An MYP student with a visual impairment has excelled in the MYP eAssessment. The IB’s Dr Kala Parasuram tells IB World magazine how making the examinations accessible was a learning experience for everyone
When the Middle Years Programme (MYP) e-Assessment launched in 2015, it represented an important milestone for the IB. It was the IB’s first major step towards digitization and truly tested the student’s ability to apply understanding, rather than just memorizing facts. Many schools were excited to be involved.
The onscreen exams are designed to support access and inclusion. Accessibility was carefully considered from the outset, says Dr Kala Parasuram, IB Access and Inclusion Manager.
But there wasn’t a Braille version available, which student Marie-Ève Letourneau needed in order to sit her eAssessment in 2017. Marie-Ève, who is blind, caused by a degenerative disease, attended École Pointe-Lévy in Lévis, Québec, Canada.
MYP coordinator Manon Tessier informed the IB assessment team back in 2015 to ensure everything was in ready for Marie-Ève by 2017. It was a request that caused the IB assessment and inclusion team to rethink the entire exam.
A few years ago, the IB made a strategic decision to make the onscreen environment completely accessible for a student with vision impairment rather than produce a Braille paper version of the examination.
Rising to the challenge
When the IB gets a request for vision impairment in the IB Diploma Programme (DP), it’s easier to fulfill because those processes have been in place longer, explains Dr Parasuram.
“All we have to do is inform our examination production team and Braille modifiers look at the examination and change what is needed – not the content of the question, just in terms of adapting it in order for it to be Brailled – then a Braille version is sent to the student.
“But it was completely new ground for the MYP eAssessment so every single thing had to be done in house.”
As many of the subjects in the MYP include a great deal of visual processing, lots of careful preparation was needed to ensure it was a fair process and free from any prejudice.
Dr Parasuram says: “It was a huge challenge as there was no prototype or precedent to work from. The IB assessment team had previously built accessibility features in the onscreen product but when Marie Eve’s request came in we had to then execute what we had only spoken about conceptually. And that meant getting into the detail of every single question.”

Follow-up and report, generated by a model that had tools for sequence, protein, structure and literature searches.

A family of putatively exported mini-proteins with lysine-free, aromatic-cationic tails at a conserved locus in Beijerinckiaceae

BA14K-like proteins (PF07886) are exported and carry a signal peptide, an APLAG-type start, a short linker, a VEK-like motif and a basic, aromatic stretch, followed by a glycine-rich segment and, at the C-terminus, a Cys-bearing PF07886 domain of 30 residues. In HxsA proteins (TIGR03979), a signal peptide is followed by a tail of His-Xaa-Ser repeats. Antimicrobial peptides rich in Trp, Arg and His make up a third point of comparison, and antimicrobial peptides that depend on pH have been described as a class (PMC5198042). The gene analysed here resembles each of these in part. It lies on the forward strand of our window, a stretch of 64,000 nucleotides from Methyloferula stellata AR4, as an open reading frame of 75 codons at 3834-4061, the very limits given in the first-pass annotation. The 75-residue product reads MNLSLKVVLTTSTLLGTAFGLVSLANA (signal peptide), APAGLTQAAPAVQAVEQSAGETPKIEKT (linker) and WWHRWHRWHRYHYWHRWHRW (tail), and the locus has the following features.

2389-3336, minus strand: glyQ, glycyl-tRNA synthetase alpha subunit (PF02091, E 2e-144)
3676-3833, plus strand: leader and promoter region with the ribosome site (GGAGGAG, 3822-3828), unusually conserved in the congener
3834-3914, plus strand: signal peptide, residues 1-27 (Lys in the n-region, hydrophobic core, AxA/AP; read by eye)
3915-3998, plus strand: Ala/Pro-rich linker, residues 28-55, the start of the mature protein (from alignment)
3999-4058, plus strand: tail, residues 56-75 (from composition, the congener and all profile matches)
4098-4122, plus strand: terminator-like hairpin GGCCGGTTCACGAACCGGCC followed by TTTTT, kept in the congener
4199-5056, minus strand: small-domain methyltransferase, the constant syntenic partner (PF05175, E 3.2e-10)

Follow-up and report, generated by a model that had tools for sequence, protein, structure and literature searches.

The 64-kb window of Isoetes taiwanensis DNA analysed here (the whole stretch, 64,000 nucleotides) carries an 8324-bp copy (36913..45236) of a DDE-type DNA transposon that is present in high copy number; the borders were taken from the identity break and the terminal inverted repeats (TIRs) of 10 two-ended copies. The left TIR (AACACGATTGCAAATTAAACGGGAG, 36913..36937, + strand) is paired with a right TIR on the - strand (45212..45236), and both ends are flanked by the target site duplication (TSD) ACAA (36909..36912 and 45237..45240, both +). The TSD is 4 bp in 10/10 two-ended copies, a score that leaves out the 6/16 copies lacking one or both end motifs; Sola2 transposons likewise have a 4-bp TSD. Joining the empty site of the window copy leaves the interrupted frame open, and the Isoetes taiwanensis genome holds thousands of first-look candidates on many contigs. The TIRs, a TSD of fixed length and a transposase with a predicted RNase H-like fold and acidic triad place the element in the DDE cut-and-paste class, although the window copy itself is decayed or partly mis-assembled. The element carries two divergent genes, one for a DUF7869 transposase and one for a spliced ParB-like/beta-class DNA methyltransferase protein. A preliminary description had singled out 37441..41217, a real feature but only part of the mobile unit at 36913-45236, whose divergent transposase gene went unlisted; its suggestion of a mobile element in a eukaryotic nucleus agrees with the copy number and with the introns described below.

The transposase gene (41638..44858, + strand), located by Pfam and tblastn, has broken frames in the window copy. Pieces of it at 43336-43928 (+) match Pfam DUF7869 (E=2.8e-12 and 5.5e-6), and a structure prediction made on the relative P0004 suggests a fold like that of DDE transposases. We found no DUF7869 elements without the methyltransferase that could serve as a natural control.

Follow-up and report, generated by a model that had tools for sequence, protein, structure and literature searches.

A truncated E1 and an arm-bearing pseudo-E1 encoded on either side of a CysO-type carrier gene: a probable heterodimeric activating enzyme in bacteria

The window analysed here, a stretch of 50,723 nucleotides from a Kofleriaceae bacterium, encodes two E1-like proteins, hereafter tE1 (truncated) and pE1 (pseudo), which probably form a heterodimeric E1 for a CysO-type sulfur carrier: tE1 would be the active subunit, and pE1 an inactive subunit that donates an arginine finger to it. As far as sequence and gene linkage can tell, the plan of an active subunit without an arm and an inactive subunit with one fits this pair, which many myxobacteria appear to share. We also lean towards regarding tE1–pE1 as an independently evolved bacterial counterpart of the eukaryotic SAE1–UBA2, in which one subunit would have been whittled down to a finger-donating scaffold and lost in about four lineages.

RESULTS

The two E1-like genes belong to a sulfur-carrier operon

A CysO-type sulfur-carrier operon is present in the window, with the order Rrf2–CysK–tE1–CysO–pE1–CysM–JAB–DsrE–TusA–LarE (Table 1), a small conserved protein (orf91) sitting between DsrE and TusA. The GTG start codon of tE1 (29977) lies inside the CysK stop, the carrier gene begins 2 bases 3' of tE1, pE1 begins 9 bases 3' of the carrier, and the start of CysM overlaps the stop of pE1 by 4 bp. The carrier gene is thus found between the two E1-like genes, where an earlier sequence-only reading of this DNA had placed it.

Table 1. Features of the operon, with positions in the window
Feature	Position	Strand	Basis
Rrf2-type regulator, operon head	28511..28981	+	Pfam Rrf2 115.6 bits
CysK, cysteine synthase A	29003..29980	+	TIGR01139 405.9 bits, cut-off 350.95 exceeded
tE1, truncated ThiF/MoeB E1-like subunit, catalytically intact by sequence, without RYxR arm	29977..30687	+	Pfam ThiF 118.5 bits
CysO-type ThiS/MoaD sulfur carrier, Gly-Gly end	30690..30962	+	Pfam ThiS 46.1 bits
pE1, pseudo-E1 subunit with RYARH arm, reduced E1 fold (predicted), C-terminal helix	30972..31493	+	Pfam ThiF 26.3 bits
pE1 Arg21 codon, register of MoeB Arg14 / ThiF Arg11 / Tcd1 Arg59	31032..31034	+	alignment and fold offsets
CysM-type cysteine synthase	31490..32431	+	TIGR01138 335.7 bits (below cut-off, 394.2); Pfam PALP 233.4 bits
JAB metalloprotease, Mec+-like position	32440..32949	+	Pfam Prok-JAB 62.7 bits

They decided there were three options to make it inclusive for visually impaired students – change the question in the standard version, such as removing unnecessary imagery, for example; adapt the presentation of the question; or use tactile materials, especially for graphics presented in physics and mathematics.
The team did all three. “We delivered all the examinations for the student and it went really well. Feedback was positive and they were really happy,” says Dr Parasuram. “It was great teamwork. Everyone got involved – the access and inclusion team, examination production, including the multimedia team, and subject managers. Colleagues who did not know much about accessibility also got involved. Everyone learnt a lot through this process.”
Marie-Ève was also given access to a human reader at all times, and she excelled in her exams. She is now in college.
Making her mark
“Marie-Ève was pleasantly surprised with the whole process,” says Tessier. “For a while she was worried, especially with the graphics because you can’t really describe a graphic to a reader, and vice versa. If you have to interpret a graphic, the reader would be giving the answers. But, when the examination booklets came in with the tactile graphics she was really impressed.”
Tessier adds: “The examination was fair to Marie-Ève. She is such a brilliant student and we didn’t want this to cause her any prejudice. She adapts quite easily to any situation.
“Learning how to manage one’s self in approaches to learning (ATL) helped her with stress management and adaptation. Also, our school staff invested a lot of time, energy and money to find the perfect people to read for Marie-Ève and to get her ready for the exams.”
Marie-Ève found the E-portfolios (coursework) in language acquisition and physical education the most difficult. “In language acquisition, criterion A and B were difficult because of the visual part. In physical education, it was hard to choose sports that Marie-Ève could do,” says Tessier.
“But, in the end, everything turned out great and all were satisfied with the results.”
Marie-Ève will be remembered for years to come at École Pointe-Lévy. For her MYP personal project, she built a conference for parents of blind children starting high school and presented it to an organization of parents of blind children.
Tessier says: “She was so good that the organization asked her to come back, and filmed her. They shared her conference with other parents. It was really appreciated.”
Visitors to École Pointe-Lévy have seen Marie-Ève’s work in the personal project exhibition and voted it their favorite and most impressive.
As École Pointe-Lévy revels in Marie-Ève’s success, the MYP department is preparing for this process again. Marie-Ève’s brother, who also has the same visual impairment condition, will be sitting the eAssessment in 2019. However, he does not use Braille yet so Tessier and her team are not yet sure what modifications will be needed. But the IB is ready to make the process a smooth one.
“Because of Marie-Ève’s experience, we are prepared and have a roadmap to make our eAssessments accessible for any environment. We have all the right processes in place,” says Dr Parasuram.
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